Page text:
A Conversation for Ask h2g2

Wind turbines

Post 1

MonkeyS- all revved up with no place to go

On a recent trip to Devon I saw several wind turbines that weren't the classic 'windmill' design: they were upright poles with the turbines on the side of them, sort of a helix shaped blade, giving them a 'barbers pole' look. Does this make sense?

Anyway, I just wondered how efficient these were compared to the traditional turbines. I'd imagine you could group more of these together, less weight than the conventional design too.

Has anyone else seen these, or did I have one too many pints of the local beer? Do they have a specific name?

Wind turbines

Post 2


They are discussed here


I can see where they have their advantages, wind direction doesn't matter, greater mechanical stability (lower shear forces acting on them).
But I can also see their disadvantages - simply through the law of levers it will take a greater force to turn them as the force must act much closer to the fulcrum/centre of rotatation...

Interesting to hear what some resident engineers have to say...

Wind turbines

Post 3

MonkeyS- all revved up with no place to go

Kewl! Thanks, Orcus, some good reading to be had. I think, for residential applications the vertical turbine would be more preferable (less space, less intrusive), but would be interesting to see what the power output, noise level etc is compared to the usual windmill type turbines. Also, from an environmental point of view there is less chance of damage to birds flying by, though I think I read somewhere that the claims about this don't hold too much water.

Wind turbines

Post 4

RadoxTheGreen - Retired

Bristol has one of those silly turbines at the city end of the M32. Nobody really saw the point of it when they put it up.

Wind turbines

Post 5

Spaceechik, Typomancer

In California, we call that type "eggbeaters"; there's a whole forest of them North of Mojave, near Boron. Visually, I like the windmill types, but they do tend to require a higher wind velocity to be more efficient, and can interfere with each other if too close together.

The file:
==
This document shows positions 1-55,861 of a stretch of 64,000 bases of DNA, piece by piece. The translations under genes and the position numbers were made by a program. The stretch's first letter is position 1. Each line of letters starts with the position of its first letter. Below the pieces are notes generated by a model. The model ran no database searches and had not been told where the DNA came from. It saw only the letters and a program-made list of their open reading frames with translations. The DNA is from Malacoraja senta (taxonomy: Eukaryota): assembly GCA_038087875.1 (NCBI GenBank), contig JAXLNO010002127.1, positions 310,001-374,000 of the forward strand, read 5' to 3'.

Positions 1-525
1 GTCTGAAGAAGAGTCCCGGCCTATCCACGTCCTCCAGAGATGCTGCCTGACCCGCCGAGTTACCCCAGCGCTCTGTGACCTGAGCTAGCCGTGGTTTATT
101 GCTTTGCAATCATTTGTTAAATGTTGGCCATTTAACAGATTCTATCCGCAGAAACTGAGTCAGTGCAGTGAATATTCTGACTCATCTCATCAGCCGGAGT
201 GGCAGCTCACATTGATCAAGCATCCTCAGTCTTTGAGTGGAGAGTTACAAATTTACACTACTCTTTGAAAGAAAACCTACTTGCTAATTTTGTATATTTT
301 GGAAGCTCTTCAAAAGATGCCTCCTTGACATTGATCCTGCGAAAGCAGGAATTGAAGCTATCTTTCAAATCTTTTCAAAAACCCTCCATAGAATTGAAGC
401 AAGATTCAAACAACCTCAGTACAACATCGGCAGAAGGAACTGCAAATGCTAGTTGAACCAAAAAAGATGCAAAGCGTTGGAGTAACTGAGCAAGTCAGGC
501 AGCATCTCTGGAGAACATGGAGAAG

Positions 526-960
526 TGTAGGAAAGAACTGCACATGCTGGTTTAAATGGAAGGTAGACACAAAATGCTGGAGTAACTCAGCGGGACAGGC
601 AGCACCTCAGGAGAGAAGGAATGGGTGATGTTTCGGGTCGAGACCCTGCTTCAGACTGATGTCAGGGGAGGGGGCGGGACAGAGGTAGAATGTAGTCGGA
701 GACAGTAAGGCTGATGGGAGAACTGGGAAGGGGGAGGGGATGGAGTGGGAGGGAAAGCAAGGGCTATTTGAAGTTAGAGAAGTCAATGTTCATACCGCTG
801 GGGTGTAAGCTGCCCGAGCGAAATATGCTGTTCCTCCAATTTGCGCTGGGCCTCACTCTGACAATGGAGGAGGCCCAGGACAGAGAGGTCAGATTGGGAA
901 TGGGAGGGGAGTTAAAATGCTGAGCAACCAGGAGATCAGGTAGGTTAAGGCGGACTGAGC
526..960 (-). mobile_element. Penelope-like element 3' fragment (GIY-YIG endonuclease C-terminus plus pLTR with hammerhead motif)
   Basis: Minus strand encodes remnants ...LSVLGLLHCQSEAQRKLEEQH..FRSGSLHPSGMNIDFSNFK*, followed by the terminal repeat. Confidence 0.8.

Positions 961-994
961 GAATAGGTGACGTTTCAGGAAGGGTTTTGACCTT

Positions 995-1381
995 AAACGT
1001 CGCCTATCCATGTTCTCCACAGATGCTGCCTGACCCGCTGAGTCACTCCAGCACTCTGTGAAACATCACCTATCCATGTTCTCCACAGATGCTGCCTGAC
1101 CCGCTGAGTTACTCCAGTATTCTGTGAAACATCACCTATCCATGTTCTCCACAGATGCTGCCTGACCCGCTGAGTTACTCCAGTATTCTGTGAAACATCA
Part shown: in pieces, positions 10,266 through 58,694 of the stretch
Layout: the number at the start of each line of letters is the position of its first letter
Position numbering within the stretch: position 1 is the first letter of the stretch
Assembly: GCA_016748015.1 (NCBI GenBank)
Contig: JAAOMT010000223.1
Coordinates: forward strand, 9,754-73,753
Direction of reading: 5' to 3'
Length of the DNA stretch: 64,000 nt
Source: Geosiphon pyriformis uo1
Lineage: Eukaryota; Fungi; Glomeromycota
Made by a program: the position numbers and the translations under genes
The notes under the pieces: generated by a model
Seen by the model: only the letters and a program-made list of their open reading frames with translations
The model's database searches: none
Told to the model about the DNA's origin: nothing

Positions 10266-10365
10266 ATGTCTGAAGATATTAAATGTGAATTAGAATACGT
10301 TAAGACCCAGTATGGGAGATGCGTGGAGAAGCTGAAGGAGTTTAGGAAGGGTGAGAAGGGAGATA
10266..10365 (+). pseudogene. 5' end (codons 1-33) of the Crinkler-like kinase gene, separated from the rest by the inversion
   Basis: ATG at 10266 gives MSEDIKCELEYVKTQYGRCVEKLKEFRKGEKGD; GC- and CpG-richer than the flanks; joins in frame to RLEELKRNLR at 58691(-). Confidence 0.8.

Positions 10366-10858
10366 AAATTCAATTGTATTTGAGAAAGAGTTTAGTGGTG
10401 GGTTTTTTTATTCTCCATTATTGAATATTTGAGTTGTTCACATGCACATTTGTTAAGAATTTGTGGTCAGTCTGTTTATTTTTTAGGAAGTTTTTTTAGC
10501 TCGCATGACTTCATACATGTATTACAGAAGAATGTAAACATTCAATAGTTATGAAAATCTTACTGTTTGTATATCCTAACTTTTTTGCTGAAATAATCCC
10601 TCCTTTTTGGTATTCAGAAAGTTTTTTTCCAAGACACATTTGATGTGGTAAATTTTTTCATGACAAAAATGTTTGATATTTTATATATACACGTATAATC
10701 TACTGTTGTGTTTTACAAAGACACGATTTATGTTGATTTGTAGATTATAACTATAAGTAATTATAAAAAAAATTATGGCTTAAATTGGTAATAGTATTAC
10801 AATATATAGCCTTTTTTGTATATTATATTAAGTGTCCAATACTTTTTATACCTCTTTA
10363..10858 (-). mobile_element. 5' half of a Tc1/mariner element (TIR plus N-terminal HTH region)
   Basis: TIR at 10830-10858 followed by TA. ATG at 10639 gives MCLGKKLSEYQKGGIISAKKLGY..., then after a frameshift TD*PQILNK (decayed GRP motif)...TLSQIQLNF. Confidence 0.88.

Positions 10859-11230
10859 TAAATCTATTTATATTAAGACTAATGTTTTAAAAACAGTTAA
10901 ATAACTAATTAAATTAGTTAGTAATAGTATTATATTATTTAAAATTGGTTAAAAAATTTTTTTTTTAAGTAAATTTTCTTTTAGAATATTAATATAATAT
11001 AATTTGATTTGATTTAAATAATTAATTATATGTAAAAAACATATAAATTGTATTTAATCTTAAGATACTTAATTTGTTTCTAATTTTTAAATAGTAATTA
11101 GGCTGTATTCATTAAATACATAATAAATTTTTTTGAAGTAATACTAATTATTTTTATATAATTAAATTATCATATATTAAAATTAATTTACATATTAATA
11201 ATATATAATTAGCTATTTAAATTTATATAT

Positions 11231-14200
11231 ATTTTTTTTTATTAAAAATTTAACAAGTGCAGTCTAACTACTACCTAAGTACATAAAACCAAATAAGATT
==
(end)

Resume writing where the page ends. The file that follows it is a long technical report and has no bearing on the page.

Eggbeaters are slightly more efficient, but they're not as cute...smiley - laughhttp://tinyurl.com/3ugtjfa

Wind turbines

Post 6


smiley - erm Was it just me, or did half the text on Orcus's link seem to be missing?

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Post 7

Not the monkey - Skreeeeeeeeeeeee

There are vibrational issues (with knock on impact for maintenance) Think of how much the big blades must shake and how they transfer all the vibration to the axis. But I believe the ~vertical axis~ ones you mean are less efficient. Swings. Roundabouts.

An ex-Researcher who I know in RL is a genuine, perfessional expert. I could get the full gen from him.

Wind turbines

Post 8

Not the monkey - Skreeeeeeeeeeeee

Maybe SCs right - slightly more efficient.

Therell be manufacturing issues also. More complex blade arrangements = bad.

Wind turbines

Post 9

Reddy Freddy

>> Eggbeaters are slightly more efficient, but they're not as cute... <<

Yeah, because we choose our power generation for cuteness. I mean, who can resist these puppy-dog eyes? http://3.bp.blogspot.com/_f0bvyZMrZ9k/S62mpQhOLgI/AAAAAAAAEb8/PGet20uLJyM/s1600/coal-fired-power-plant.jpg

RFsmiley - evilgrin

Wind turbines

Post 10


In simple terms, the most efficient configuration is a rotor plane normal to the wind direction and a rotor axis parallel with it. So if the wind always blew in the same direction at the same speed, we'd have propellers on sticks every time.

Unfortunately, the wind doesn't. Vertical axis wind turbines (VAWTs) have the advantage that they always face the wind even when it's continually changing direction. They're also less noisy than conventional windmills of equivalent power because the rotor tip velocities are lower (not so far out from the rotational axis). You can pack them more densely too.

VAWTs would probably be the norm except for the fact that the wind strength varies too. Whatever kind of turbine we choose has to work efficiently when the wind is weak (most of the time) and yet be robust enough not to come apart when the wind is strong. With conventional windmills, you can get round this by pitching the blades, and the slew gear used for this is fairly reliable. With VAWTs, an equivalent adjustment to reduce the blade area presented to a stronger (ie higher speed) wind is proving more problematical. VAWTs might turn out to be limited to use in places where the wind speed range is small, and particularly to urban locations.

There are lots of different types. Try Googling VAWT (images).

Wind turbines

Post 11

Ancient Brit